San Francisco Police to Stop Publishing Mug Shots, to Fight ‘Racial Bias’

‘This is just one small step but we hope this will be something that others might consider doing as well…’

San Francisco Police photo
Black Lives Matter protest in San Francisco/Photo by vhines200 (CC)

(Claire Russel, Liberty Headlines) The San Francisco Police Department will stop releasing mug shots in an effort to end “racial bias,” according to city police Chief Bill Scott.

Scott claimed that mug shots, or photos taken after a suspect is taken into custody, often perpetuate “negative stereotypes which can contribute to implicit and explicit bias in policing and by community members.”

To avoid this, the SFPD will only release mug shots when “necessary to warn the public of imminent danger or to enlist the public’s assistance in locating individuals, including at-risk persons.”

The SFPD claimed that “compelling research” supports this policy change, since mug shots in the news “create an illusory correlation for viewers that fosters racial bias” by leading citizens to believe “black and brown men” commit crimes more frequently than other ethnicities.

This is called the “other race effect,” according to Jennifer Eberhardt, a professor of social psychology at Stanford University, who told CNN that mug shots confirm implicit racial biases within police departments.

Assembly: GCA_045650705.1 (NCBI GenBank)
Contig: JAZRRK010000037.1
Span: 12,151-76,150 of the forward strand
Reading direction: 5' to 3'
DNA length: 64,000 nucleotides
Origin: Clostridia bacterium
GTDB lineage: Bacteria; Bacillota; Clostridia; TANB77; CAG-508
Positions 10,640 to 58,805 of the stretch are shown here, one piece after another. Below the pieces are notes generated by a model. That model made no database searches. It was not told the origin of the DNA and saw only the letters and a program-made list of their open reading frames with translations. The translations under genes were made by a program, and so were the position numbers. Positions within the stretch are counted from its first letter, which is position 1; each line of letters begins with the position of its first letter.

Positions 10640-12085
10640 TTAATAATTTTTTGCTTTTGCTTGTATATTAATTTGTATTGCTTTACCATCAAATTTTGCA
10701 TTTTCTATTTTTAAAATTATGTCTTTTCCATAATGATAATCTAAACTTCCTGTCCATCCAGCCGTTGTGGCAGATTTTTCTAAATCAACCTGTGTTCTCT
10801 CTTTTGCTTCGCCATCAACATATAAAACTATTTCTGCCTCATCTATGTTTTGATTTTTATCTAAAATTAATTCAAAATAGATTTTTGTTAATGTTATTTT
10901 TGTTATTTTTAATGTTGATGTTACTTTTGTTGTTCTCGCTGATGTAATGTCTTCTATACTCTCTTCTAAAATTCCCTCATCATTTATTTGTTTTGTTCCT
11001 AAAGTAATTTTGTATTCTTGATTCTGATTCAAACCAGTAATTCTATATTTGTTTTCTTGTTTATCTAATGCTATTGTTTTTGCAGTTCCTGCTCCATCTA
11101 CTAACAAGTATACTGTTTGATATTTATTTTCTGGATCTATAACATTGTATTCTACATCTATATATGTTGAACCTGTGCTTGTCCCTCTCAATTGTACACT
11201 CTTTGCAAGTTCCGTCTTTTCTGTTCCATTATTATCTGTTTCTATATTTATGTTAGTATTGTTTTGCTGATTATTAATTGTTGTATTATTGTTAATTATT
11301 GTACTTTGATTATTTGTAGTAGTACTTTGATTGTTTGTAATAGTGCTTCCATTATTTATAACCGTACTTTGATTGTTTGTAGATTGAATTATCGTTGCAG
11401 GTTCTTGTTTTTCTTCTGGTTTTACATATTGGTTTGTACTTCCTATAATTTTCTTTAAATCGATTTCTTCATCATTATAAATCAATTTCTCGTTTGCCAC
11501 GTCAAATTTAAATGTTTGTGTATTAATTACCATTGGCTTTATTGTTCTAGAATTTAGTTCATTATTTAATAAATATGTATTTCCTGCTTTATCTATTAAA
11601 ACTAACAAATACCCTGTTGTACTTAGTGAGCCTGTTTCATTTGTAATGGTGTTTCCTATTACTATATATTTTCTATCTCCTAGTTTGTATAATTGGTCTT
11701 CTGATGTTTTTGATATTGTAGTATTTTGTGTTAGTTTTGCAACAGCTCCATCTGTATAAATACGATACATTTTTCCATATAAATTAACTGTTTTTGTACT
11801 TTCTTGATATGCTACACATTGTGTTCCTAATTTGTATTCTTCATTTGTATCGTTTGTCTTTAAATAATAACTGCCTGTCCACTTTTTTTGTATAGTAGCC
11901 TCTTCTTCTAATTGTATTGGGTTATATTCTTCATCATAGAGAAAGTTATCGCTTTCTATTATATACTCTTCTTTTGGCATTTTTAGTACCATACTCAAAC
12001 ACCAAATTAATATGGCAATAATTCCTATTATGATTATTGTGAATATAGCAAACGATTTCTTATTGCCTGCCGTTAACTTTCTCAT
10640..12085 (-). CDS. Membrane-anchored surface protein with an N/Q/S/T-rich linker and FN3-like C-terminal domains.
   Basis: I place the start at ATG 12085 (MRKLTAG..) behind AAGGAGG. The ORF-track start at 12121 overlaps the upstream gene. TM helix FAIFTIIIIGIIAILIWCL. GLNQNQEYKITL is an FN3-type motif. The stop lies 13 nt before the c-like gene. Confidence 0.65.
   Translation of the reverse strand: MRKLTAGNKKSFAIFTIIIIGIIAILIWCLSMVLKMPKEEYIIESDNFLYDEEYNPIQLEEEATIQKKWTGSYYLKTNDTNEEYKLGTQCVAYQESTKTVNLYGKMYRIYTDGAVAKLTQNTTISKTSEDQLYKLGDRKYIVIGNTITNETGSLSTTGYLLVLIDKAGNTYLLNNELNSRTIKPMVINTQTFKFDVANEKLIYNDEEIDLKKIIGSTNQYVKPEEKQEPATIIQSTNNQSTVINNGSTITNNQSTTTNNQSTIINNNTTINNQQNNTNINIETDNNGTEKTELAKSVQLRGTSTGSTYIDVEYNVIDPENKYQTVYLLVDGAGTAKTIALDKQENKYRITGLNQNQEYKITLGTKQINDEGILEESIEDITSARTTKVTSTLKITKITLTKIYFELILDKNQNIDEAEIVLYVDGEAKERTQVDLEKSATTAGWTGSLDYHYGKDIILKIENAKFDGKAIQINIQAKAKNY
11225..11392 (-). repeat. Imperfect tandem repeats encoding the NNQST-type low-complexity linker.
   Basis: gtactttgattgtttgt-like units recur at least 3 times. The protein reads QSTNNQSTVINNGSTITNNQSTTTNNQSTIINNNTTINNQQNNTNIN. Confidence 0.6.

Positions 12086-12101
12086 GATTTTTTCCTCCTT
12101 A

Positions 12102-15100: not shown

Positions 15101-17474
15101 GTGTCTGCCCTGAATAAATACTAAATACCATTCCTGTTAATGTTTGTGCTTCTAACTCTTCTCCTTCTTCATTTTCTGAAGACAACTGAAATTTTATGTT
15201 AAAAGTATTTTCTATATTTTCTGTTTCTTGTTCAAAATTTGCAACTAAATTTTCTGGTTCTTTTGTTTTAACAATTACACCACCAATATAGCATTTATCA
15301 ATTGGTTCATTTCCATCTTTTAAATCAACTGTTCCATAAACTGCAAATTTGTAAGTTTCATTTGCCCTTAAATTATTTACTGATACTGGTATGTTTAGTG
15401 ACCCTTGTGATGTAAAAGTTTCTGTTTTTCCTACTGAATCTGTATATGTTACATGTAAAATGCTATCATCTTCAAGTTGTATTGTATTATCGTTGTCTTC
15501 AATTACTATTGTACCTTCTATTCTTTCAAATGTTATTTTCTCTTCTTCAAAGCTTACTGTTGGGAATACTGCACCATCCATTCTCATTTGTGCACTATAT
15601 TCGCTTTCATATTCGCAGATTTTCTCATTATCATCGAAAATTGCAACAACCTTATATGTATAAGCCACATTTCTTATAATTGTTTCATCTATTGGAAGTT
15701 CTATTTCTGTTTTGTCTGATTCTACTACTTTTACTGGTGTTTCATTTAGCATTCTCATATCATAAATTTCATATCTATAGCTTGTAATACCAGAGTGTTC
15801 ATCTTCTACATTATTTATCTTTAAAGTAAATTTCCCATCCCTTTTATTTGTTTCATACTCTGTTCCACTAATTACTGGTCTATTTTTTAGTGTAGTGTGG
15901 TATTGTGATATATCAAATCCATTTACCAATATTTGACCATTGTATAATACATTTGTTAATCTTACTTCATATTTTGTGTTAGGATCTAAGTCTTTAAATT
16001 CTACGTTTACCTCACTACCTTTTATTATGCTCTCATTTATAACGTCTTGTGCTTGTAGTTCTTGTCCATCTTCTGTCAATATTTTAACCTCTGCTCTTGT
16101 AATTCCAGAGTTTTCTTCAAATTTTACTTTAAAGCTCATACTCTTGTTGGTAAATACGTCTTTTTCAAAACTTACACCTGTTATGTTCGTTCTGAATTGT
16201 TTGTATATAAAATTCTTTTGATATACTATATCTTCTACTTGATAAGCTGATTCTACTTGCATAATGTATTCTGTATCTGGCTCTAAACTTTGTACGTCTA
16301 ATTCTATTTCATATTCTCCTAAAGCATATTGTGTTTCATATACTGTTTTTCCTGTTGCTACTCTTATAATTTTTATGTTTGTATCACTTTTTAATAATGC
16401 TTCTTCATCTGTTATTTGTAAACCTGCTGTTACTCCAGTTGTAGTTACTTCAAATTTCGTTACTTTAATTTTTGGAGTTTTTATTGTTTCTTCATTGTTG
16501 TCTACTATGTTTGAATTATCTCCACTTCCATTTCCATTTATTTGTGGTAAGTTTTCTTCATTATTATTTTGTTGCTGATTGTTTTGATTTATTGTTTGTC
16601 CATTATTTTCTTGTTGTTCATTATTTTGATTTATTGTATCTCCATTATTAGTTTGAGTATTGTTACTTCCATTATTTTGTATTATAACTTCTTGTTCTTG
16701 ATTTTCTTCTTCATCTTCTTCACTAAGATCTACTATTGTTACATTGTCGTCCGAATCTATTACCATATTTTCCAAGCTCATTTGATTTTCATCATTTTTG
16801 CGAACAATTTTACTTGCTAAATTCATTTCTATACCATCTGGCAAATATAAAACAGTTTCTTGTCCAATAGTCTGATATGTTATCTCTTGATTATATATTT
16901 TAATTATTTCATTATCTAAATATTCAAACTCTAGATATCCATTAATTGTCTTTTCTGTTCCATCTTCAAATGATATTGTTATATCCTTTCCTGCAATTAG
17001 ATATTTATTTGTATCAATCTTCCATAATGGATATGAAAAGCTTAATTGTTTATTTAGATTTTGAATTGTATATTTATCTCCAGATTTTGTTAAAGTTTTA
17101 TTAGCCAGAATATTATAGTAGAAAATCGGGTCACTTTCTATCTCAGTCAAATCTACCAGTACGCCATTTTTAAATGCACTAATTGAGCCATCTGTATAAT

“This is just one small step but we hope this will be something that others might consider doing as well,” Scott said.

Other large cities, such as Los Angeles and New York, already have policies against releasing mug shots. But they make exceptions when investigators believe that the photos will prompt more witnesses to come forward. But in San Francisco, the only exceptions will be if a crime suspect poses a threat or if officers need help locating a suspect or an at-risk person, Scott said. And before mug shots are released, the SFPD’s public relations team must approve the release.

This policy will likely result in a legal challenge, since most media outlets depend on mug shots when reporting stories. And removing mug shots from the public eye could make it more difficult for the SFPD to catch suspects, said Nina Salarno, president of the advocacy group Crime Victims United of California.

“The only concern for the victims side of it is how are they categorizing and who is deciding which ones should be released to the public?” Salarno said.

(The Associated Press contributed to this report).


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